Don’t Play Dumb, America!

The United States is all worked up. If not a single bit of filth on Russia gets announced over the course of a day, then it may as well have passed in vain.

This time, they have accused Russian diplomats working in the United States of fraud.

U.S. Attorney for the Southern District of New York, Preet Bharara — who, incidentally, is included in the “anti-Magnitsky” list for his previous dirty tricks against Russian citizens — has stated that 49 diplomats from Russia and members of their families bilked the American government of $1.5 million.

The Russians illegally made use of childbirth benefits from the assistance program for the low-income, Medicaid. The diplomats passed themselves off as low-income parents and their children as U.S. citizens and received benefits from the United States.

They did not have the right to do so because the program is reserved exclusively for U.S. citizens and immigrants. In addition, their income was above the level that would have allowed them to depend on benefits.

Widening his eyes in horror, Bharara spoke at a press conference about how the diplomats “bought luxury items at Tiffany’s, Bloomingdale’s and Jimmy Choo and went on Caribbean cruises while receiving these benefits.”

Burning with righteous indignation, the attorney said that, of the 49 suspects, 11 still live and work in the United States. While their diplomatic status does not allow them to be brought to justice, he did not exclude the possibility that Russia might waive their diplomatic immunity at a U.S. request.

As we say in Russia — just a second, we’ll get right on that. I just imagined Sergei Lavrov giving his American colleagues the middle finger. After the Bout case and other incidents involving the capture of Russian citizens worldwide, Russia is hardly about to waive a diplomat’s immunity, even if he publicly gives one of the American senators a swift kick in the rear.

However, that is beside the point. As one Foreign Ministry employee told me, from the standpoint of unspoken diplomatic rules, one does not air out these sorts of things in public. Rather, they are quietly resolved in closed-door consultations.

“Once you open the box, you will no longer be able to close it,” explained the diplomat. “As far as American diplomats in Moscow go, one could point to thousands of different exploits — from a love for cultural valuables not for export to a sexual appetite for the underage. So, all you have to do is be drawn into an exchange of these disclosures, and the world’s entire diplomatic life would be reminiscent of ‘Dom-2.'”*

Russia’s Deputy Foreign Minister Sergei Ryabkov said the same thing, only more diplomatically, to RIA Novosti: “If our American partners want to clear up some circumstances or issues concerning the family or personal lives of our employees in the United States, they can do it quietly through diplomatic channels and not through indictments or the public sphere.”

In addition, a question comes up that the American side does not answer: How and on what grounds was access to Russian diplomats’ accounts obtained? Does “the freest country in the world” continue to practice its total worldwide surveillance, about which “Sheremetyevo dweller” Edward Snowden spoke?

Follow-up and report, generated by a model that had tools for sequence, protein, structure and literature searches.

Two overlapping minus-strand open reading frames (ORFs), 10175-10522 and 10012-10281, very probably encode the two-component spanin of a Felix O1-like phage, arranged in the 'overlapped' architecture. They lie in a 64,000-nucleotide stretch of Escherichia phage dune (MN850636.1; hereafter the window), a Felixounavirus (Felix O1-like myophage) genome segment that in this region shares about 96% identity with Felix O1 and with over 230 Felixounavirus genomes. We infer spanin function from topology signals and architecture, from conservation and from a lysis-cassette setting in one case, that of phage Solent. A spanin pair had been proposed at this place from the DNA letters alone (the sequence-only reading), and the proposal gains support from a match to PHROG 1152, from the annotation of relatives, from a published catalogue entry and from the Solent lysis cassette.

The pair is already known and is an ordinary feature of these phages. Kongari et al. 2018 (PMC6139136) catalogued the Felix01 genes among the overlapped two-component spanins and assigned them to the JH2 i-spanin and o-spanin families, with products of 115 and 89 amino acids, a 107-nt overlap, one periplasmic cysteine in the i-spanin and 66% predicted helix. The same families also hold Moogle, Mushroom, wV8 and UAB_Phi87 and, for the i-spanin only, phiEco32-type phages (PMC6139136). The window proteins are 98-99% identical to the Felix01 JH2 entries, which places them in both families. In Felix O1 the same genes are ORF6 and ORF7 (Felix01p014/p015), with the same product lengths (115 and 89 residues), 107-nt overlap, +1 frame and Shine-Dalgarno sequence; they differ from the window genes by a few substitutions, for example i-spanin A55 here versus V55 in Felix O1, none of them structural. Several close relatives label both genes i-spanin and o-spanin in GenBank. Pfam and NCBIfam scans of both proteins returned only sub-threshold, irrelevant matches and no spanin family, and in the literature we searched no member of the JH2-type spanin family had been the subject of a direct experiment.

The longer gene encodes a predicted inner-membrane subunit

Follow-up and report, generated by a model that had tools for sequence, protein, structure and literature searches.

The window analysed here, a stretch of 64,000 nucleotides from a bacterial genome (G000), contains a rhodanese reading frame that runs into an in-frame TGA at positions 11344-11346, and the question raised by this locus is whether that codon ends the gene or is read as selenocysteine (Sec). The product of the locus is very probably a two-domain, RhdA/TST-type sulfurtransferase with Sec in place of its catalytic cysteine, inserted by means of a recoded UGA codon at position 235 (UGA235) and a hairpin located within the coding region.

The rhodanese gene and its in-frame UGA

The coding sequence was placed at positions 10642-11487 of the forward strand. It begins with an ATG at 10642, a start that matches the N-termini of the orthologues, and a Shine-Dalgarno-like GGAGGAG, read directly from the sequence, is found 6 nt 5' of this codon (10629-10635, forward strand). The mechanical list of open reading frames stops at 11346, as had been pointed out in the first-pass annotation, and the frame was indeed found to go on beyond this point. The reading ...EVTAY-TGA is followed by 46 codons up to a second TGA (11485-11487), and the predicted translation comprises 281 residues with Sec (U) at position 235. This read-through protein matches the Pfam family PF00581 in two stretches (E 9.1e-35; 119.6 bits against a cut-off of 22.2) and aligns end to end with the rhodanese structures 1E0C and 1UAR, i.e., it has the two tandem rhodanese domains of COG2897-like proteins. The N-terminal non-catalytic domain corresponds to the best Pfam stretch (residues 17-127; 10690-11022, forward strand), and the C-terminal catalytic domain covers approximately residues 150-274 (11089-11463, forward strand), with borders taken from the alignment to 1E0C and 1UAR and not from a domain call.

Yet, if these disclosures are able to horrify someone in the United States, in Russia there is an altogether different attitude toward them. Judge for yourselves: Forty-nine diplomats and their family members illegally received $1.5 million from the U.S. over nine years. That ends up being slightly more than $30,000 per diplomat.

Here, in Russia, the head of a municipal office steals more than that in a month! If you divide it over nine years, it turns out that, on average, the self-interested Russian diplomat robbed the U.S. government of less than $3,500 a year — and they bought luxury items and went on Caribbean cruises with it? And, at a time when gold-plated pistols are tumbling out of the pockets of parliament deputies in hallway fights! Our members of parliament and government officials will simply scornfully laugh at diplomats, and Serdyukov and Vasilyeva risk dying from hysterical laughter.**

However, we have to thank Bharara for one thing: He gave us a clue about where we can look for parliament and government personnel — among diplomats working in the United States, of course. With such modest demands, they will cost Russia several times less than its current ministers and deputies.

This way, you see, we will patch all the holes in the budget, and, as for the $1.5 million, do not play dumb, America! In your banks are those who steal from us and hold on to such sums of money that $1.5 million seems like pocket change for coffee. It is all among friends!

*Translator’s note: “Dom-2” (“House 2”) is a Russian reality television show notorious for sexual content and scenes of physical violence.

**Translator’s note: The author is referring to former Russian Defense Minister Anatoly Serdyukov and former head of the Defense Ministry’s property department and Serdyukov’s alleged mistress Yevgenia Vasilyeva, both implicated in a multimillion-dollar fraud scandal.

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About Jeffrey Fredrich 199 Articles
Jeffrey studied Russian language at Northwestern University and at the Russian State University for the Humanities. He spent one year in Moscow doing independent research as a Fulbright fellow from 2007 to 2008.

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